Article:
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Brokedown Palace: A Tale from the East    by Steven Brust order for
Brokedown Palace
by Steven Brust
Order:  USA  Can
Tor, 2006 (1986)
* *   Reviewed by Hilary Williamson

This rather rambling, slow-moving fantasy portrays four princes of Fenario, far to the east of the Dragaerian Empire, which is the setting for the author's wonderful Jhereg series. They live in an ancient, crumbling palace, built 'where the river of Faerie joined the North river'. Their father, the old king, has abdicated and the eldest brother, László, now rules. He takes his position - and the stewardship of realm and palace - very seriously. Next in line is Prince Andor, who seeks a purpose in life, followed by the huge and very strong Prince Vilmos who loves and cares for several norska as pets. Last, but never least, is the story's protagonist, the young and stubborn Prince Miklós.

The story begins inexplicably, after a violent attack by King László on his youngest brother, whom he leaves for dead - prompted, it seems, by László's whim to take over Miklós's room, but influenced by a warning from the Demon Goddess. Miklós drags his broken body into the River, expecting to die. Instead, he awakens where the River has carried him, lying on hard tree roots with a horse breathing into his face. It's a táltos (magical) horse named Bölk, that talks (rather like an oracle, with a great deal of ambiguity), and calls him master. Afraid to return home, Miklós asks Bölk to bear him to Faerie. On their way, they meet a girl named Devera, traveling in the opposite direction. Miklós spends years of hard servitude in Faerie, but also learns some magic.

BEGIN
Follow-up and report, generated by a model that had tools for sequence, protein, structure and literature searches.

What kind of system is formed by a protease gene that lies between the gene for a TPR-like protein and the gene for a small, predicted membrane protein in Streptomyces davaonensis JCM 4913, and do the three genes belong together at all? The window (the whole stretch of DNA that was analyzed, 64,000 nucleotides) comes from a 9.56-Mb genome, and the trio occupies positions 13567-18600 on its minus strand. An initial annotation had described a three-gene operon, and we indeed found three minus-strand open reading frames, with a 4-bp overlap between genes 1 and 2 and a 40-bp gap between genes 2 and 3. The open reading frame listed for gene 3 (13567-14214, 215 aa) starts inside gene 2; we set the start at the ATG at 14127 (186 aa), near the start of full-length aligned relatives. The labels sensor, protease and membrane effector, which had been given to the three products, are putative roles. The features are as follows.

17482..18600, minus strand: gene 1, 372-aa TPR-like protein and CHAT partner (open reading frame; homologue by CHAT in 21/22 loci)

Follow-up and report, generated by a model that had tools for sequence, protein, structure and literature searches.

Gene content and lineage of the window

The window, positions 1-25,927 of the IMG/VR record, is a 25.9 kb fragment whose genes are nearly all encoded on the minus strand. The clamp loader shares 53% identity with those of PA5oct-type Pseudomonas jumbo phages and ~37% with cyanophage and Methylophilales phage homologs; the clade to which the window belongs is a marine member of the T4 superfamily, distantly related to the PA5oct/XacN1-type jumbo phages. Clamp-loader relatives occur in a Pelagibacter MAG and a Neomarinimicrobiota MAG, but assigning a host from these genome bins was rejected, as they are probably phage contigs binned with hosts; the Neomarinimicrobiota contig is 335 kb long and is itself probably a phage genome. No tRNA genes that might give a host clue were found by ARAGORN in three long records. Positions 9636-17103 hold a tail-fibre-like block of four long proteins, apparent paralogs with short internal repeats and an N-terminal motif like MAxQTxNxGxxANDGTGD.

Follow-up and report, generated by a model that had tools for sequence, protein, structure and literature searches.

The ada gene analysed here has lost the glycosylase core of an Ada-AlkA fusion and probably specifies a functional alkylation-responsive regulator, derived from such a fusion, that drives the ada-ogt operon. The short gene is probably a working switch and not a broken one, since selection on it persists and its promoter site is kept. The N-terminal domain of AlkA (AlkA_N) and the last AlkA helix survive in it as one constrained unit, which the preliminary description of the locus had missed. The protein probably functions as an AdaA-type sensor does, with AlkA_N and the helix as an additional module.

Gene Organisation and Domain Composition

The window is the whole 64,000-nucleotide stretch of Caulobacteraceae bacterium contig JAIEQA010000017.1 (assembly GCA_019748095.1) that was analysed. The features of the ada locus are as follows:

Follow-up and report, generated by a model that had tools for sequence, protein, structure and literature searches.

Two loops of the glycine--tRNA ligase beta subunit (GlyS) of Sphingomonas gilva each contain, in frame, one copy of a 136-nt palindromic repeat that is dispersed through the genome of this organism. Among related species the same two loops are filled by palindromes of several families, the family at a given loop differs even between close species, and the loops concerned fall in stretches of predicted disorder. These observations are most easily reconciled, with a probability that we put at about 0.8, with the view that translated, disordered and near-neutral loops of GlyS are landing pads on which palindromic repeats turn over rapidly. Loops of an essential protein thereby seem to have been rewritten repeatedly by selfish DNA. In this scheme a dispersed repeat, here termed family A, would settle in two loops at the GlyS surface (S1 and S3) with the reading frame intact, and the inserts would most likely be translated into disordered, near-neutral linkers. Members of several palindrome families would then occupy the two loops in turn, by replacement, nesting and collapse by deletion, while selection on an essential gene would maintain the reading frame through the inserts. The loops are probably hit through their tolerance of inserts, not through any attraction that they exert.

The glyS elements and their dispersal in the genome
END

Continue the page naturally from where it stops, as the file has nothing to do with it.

In Miklós's absence, a tree begins to grow in his room, seeded by a few drops of his blood. László, who regrets what he did to his brother, takes a lover of mysterious origins named Brigitta, and is later engaged to marry the Countess of Mordfal. Then the youngest prince returns home for good, and Bölk tells him that he must defeat the Demon Goddess - but how? The main story is interspersed with fascinating vignettes of folktales, as it builds towards its inevitable conclusion. Bölk's final enigmatic words serve as a fitting summation - 'Some will always insist on holding on to the old, no matter what. Those who do not will need to know ... that their fight, always new, is always old as well.'

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